Alabama mom Jena Willinghamm may have been onto something when she posted the now-viral photo of herself in a pool—cocktail in hand—while her three children stood behind her looking sad to be going back to school. As much as we love kids, keeping them occupied when they are out of school and not in camps or programs no short order. But each fall often blows in with new items for your to-do list. Out go summer Fridays and lax bedtimes and in come soccer Saturdays and hectic mornings. You may be surprised to learn that almost half of Americans say fall is the best time to get organized, according to a survey by SpareFoot. In fact, 45 percent of those surveyed said that fall months are organizing prime time. It makes sense when you think of it since at the same time students return to class many businesses are kicking into high gear after a summer slowdown says Amy Esper, professional organizer, move manager and co-head of In Order to Succeed in Sarasota, FL. Amy, the mother of three small children (all under the age of 4) considers fall to be the beginning of her family year since that is the time that that all the new routines kick in for her children as they enter their new classes and programs.
These six tips will help you get back into your groove and stay productive to have your most organized fall yet.
Get your family involved.
No person can keep a whole household organized by themselves; it’s just not realistic. Get your family involved in the organization process. Establish new fall routines with their input. If anything is being reorganized or repositioned, walk your family through where items should go so they can help put things away. Labels are crucial to make sure family members knows where things need to be put away. Use post-it notes until you have a chance to affix permanent labels. We love this portable Epson label printer – it even connects to a laptop for even greater productivity.
There are Apps for That
Hold the keys to a more organized life in the palm of your hand. The app store is full of downloads that help users stay on point. Three (free!) favorites: Todoist allows you to manage tasks and projects anywhere. At home, at school, at work . . .both online and offline and across 10+ platforms. Remember the Milk is another similar type of app that can help you get more done in less time. This powerful app allows users to create and prioritize to-do lists by due date, tag or importance. It syncs to Google Calendar, Gmail and other devices and lets users create groups and assign tasks. Running late? Ask your spouse to hit the grocery store and your teen to set the table. 30/30 launched on the premise that most tasks like checking e-mail and making lunches only take 5 to 30 minutes per day. Map out your day, set a timer and let the app say when it’s time to move on.
Create a Study Spot
Your kid may have had summer assignments but the school year brings regular homework with shorter deadlines. To help your child stay on track, create a clean, well-lit and distraction-free space for homework. Short on space? Get our tips on creating a home office out of a spare room. Stock it with pencils, pens, rulers and paper. If your kid is a habitual screen-checker, consider not allowing devices in the room unless it’s required for the assignment. Here are five inspiring work spaces you can create in your home.
Set Bedtimes for Everyone
A stress-free morning starts with a good night’s sleep. WebMD provides good guidelines for age-appropriate bedtimes. If your child is having trouble getting back to a regular bedtime, try gradually scaling back the bedtime 30 to 60 minutes every few days until s/he is hitting the hay at an optimal time. As for you, the National Sleep Foundation suggests adults ages 25-64 get 7-9 hours of sleep per night. The optimal time will vary from person to person, but researchers from Sleep and Neuroimaging Lab at the University of California, Berkeley say that REM sleep cycles, the light phase of sleep just before which repairs the mind, typically begins after midnight regardless of when a person goes to bed. To ensure the body gets all the REM and non-REM sleep it needs, try to get find a bedtime between 8 p.m. and midnight. Experiment with a few different times and stick to the one that works best for you.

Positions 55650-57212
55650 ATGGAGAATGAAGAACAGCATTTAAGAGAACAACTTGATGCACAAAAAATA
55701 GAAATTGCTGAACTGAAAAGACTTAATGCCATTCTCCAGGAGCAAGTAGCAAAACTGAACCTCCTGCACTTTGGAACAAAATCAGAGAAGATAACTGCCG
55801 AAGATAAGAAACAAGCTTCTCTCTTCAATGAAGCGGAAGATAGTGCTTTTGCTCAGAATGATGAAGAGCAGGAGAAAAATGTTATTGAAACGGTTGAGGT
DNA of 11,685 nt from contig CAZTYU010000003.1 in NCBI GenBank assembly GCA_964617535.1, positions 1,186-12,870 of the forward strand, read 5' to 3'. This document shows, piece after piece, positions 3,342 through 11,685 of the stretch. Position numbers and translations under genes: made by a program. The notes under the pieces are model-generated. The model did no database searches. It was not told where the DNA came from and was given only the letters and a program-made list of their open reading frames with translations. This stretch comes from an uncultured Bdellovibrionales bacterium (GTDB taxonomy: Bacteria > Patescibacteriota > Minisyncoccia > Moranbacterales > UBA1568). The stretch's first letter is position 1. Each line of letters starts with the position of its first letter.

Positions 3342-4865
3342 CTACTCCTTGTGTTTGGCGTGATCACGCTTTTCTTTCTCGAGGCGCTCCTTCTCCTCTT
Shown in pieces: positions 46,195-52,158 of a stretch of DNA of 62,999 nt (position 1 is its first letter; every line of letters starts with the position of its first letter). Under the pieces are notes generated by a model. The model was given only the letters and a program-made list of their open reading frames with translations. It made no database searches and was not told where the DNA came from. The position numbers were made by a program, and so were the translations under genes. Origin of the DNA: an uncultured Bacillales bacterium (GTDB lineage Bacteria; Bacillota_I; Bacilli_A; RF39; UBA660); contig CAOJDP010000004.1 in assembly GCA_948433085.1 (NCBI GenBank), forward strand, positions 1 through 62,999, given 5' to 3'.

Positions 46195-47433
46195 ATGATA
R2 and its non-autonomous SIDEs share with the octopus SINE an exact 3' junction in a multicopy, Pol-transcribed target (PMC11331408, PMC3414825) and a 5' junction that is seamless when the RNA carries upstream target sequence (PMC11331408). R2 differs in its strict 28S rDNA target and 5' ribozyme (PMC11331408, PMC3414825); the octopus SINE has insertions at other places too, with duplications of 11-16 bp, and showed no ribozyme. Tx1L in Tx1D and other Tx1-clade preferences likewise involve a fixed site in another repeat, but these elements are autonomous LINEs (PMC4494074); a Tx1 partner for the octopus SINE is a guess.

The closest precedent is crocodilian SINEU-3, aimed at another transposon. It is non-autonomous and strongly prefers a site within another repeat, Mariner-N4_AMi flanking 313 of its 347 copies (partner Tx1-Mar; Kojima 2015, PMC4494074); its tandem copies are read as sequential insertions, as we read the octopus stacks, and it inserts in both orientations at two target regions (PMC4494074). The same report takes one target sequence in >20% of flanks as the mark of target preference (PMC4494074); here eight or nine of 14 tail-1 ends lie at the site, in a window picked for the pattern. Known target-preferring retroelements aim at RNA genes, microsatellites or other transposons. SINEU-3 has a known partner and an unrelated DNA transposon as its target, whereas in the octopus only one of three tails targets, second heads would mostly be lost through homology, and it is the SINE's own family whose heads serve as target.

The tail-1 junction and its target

Prep the Night Before
With everything in its place, waking up and getting out the door should be easy… right? Unfortunately not according to most American parents. When the school year starts, 80 percent of parents feel it takes them longer to get ready in the morning than during the summer. And, nearly one in three feel it takes more than 20 minutes longer. When you have kids, back to school routines can make mornings stressful, making organization key to create more productive mornings. As cute as a morning fashion show is, figuring out what you and your kids are going to wear the day before can save precious minutes each morning. Make breakfast and prepare lunches the night before, whenever possible. Throwing together breakfast on the go and organizing lunches for the whole family can make a busy morning even more overwhelming. You may want to go the extra mile by helping your children neatly pack backpacks check assignment lists with them to ensure nothing is missing before bed.
Save a Little Summer
Vacation may be over, but don’t let leisure get lost in the shuffle of soccer practices and meetings. Book a massage, hit a favorite restaurant or just take five minutes a day to look at your favorite photos. Taking time for a breather can get your ready to tackle the next task (and, according to researchers, lowers depression). Keeping a summer mindset as long as possible is always something worth striving toward.